Yeah, it is, and that, I think, is the hardest thing for a lot of people to really see what's happening is, all of this is such a mirror for us to really just have to take a hard, hard look at what's happening. And you mentioned something and I want to kind of expand on that a little bit. And you had just kind of mentioned about the scarcity aspect of it.
[00:29:10.990] - Carole Burton, Guest
Yes, the scarcity mindset is fascinating in that, I'll just go into the workplace mode, especially with entrepreneurs. I mentor people as well, to be, you know, to give back, to be part of to learn and to get and to give in a mutual relationship, if you will. And it's funny of how people who say, you know, I want to start this, whatever this is, but I can't tell you anything about it. And so maybe if it's, you know, having a mobile transportation where you come to people's homes and wash their cars. Great idea. Probably not many people are doing it, but I can't tell you anything about it. Well, it doesn't help me if I'm trying to help you because that's your idea. Only you are going to create the path. I'm not going to create the path. So it's okay to share or I've heard recently about a scarcity mindset of where children right now during COVID are very concerned that there may not be enough food. And yet their parents are saying there will be enough food. Don't worry about it. We got you. Children, we understand you and we hear you and we're trying to figure this out as well. So there are all different types of scarcity mindset if you will, or you know, the old saying, if I can't, I'm not going, I'm going to keep it to myself because I don't know if there's going to be enough to go around for everybody else. Well, we've seen that actually, the inverse is more powerful than the scarcity of the, you know, the opposite is the more powerful than being the internal. And so, that again is taking a risk and being vulnerable to know that there will be food, quote-unquote, there for you to feed from.
[00:30:57.080] - Candi Broeffle, Host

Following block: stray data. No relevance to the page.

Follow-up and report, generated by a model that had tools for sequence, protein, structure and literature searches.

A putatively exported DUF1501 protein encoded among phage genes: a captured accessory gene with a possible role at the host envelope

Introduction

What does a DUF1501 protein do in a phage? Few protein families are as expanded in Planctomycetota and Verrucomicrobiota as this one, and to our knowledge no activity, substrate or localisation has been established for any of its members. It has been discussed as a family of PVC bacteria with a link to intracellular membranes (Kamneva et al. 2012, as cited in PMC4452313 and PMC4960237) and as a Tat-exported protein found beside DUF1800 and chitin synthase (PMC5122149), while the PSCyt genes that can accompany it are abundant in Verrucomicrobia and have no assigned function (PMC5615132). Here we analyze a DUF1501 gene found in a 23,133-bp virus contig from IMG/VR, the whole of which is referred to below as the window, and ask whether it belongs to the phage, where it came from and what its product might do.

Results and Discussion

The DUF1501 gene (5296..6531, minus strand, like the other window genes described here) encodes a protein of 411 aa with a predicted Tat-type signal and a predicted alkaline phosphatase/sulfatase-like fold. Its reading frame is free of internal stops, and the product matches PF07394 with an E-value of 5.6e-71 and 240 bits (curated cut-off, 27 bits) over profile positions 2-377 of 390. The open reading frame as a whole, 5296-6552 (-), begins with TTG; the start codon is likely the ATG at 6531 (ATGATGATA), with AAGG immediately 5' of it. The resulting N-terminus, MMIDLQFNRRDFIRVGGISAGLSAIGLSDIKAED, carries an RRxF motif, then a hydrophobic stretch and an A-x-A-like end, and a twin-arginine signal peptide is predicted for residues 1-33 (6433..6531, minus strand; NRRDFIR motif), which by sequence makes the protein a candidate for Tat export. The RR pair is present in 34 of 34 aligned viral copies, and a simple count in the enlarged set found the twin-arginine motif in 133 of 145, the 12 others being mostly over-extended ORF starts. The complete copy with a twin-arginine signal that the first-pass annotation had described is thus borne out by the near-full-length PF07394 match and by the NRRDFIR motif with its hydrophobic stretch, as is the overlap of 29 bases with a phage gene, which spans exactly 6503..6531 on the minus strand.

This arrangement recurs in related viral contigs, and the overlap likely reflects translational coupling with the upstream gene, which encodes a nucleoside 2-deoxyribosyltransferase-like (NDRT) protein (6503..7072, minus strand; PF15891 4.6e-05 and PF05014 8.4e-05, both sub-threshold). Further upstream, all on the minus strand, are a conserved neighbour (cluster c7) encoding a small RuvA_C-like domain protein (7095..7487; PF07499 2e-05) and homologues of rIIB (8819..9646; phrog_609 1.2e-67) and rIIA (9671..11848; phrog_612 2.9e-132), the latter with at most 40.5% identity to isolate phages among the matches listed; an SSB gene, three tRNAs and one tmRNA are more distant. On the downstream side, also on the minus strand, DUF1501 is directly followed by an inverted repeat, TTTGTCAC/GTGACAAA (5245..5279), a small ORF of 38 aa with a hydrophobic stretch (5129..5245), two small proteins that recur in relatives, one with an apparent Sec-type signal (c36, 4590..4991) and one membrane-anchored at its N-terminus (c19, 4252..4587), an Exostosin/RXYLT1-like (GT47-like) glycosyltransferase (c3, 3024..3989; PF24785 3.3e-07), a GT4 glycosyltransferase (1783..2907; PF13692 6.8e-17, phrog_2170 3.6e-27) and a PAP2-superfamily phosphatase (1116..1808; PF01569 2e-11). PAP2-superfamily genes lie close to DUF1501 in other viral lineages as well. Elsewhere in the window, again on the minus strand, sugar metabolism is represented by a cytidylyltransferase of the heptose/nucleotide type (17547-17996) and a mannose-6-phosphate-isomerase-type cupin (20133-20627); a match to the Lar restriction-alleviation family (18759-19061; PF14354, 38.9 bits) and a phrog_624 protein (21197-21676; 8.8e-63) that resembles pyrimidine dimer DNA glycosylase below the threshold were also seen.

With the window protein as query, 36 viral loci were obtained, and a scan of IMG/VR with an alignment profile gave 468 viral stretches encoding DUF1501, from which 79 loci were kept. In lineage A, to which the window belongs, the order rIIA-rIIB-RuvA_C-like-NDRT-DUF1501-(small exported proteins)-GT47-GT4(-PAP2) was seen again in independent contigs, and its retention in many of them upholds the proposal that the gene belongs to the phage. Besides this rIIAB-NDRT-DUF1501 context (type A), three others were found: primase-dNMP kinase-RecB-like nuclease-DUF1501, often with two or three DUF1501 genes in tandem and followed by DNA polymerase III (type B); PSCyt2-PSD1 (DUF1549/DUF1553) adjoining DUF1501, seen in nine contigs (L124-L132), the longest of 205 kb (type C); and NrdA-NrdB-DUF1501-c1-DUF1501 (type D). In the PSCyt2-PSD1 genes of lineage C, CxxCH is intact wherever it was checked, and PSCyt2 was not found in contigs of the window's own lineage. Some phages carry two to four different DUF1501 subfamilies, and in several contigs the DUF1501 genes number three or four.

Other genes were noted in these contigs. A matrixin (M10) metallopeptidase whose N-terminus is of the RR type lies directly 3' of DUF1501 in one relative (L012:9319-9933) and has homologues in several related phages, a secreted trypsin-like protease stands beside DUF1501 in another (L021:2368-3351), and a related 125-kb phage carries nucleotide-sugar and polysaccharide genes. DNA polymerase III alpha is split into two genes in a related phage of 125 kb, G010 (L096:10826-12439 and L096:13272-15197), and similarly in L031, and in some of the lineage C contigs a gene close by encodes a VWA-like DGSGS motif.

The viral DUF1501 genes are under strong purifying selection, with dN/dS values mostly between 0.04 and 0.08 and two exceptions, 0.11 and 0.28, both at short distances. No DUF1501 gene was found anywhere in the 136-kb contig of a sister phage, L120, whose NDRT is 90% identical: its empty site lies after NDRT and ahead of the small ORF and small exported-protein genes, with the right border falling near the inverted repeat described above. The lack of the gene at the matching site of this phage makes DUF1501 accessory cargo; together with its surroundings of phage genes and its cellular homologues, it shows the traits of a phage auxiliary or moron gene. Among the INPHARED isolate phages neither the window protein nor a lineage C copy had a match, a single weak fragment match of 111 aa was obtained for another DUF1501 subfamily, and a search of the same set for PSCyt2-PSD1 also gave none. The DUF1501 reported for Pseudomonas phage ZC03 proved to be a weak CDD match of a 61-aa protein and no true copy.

It's really interesting because it does go back to, I know for myself when I was at the college; when I was leading a department at the college, I had one particular instructor who had a very unique, a very unique curriculum that he had created. And that was like, the thing that was going to put us over the edge. And as soon as we had launched it, we got calls from other people saying, how did you do that? Because we want to do it, too. And we want to take some of your information. He didn't want to share it because it was so unique. And he wanted, he had that mindset of what happens if they take it from me. There's not going to be enough for me. And we were able to work through that to the point of where he actually became the train, the trainer for the state of Minnesota for that particular curriculum. And so instead of him having it taken away from him, he actually became the expert in it. And that's what's so cool about it. It's like when you get out of that scarcity mindset, you don't know where it's going to go. And so, I agree with you. Especially working with entrepreneurs, let's share that, share your ideas, because you don't know who can help you in that next level or who is going to have something that they can, it's complementary to what you're doing and where it might go from there. So, and now I to ask you about the adaptability and alignment. So, I think most of us understand what adaptability is. But when we talk about alignment, being in alignment with something, what do you, what does that mean for you?
[00:32:41.770] - Carole Burton, Guest
Sure, so, in that case, adaptability, I actually fuse it through the adaptable leadership model, which is an academic model, one of the twenty-three leadership model theories and styles out there, and adaptability in this case as an adaptable leader mindset really looks at how leaders look from a larger, grander perspective of how all of the components work well. They actually are very follower-focused and hence encourage followers who are also leaders to look to see where they can improve the system, where they can change and move and adapt. So, essentially, that's how I fuse the two together is from that lens of that vision.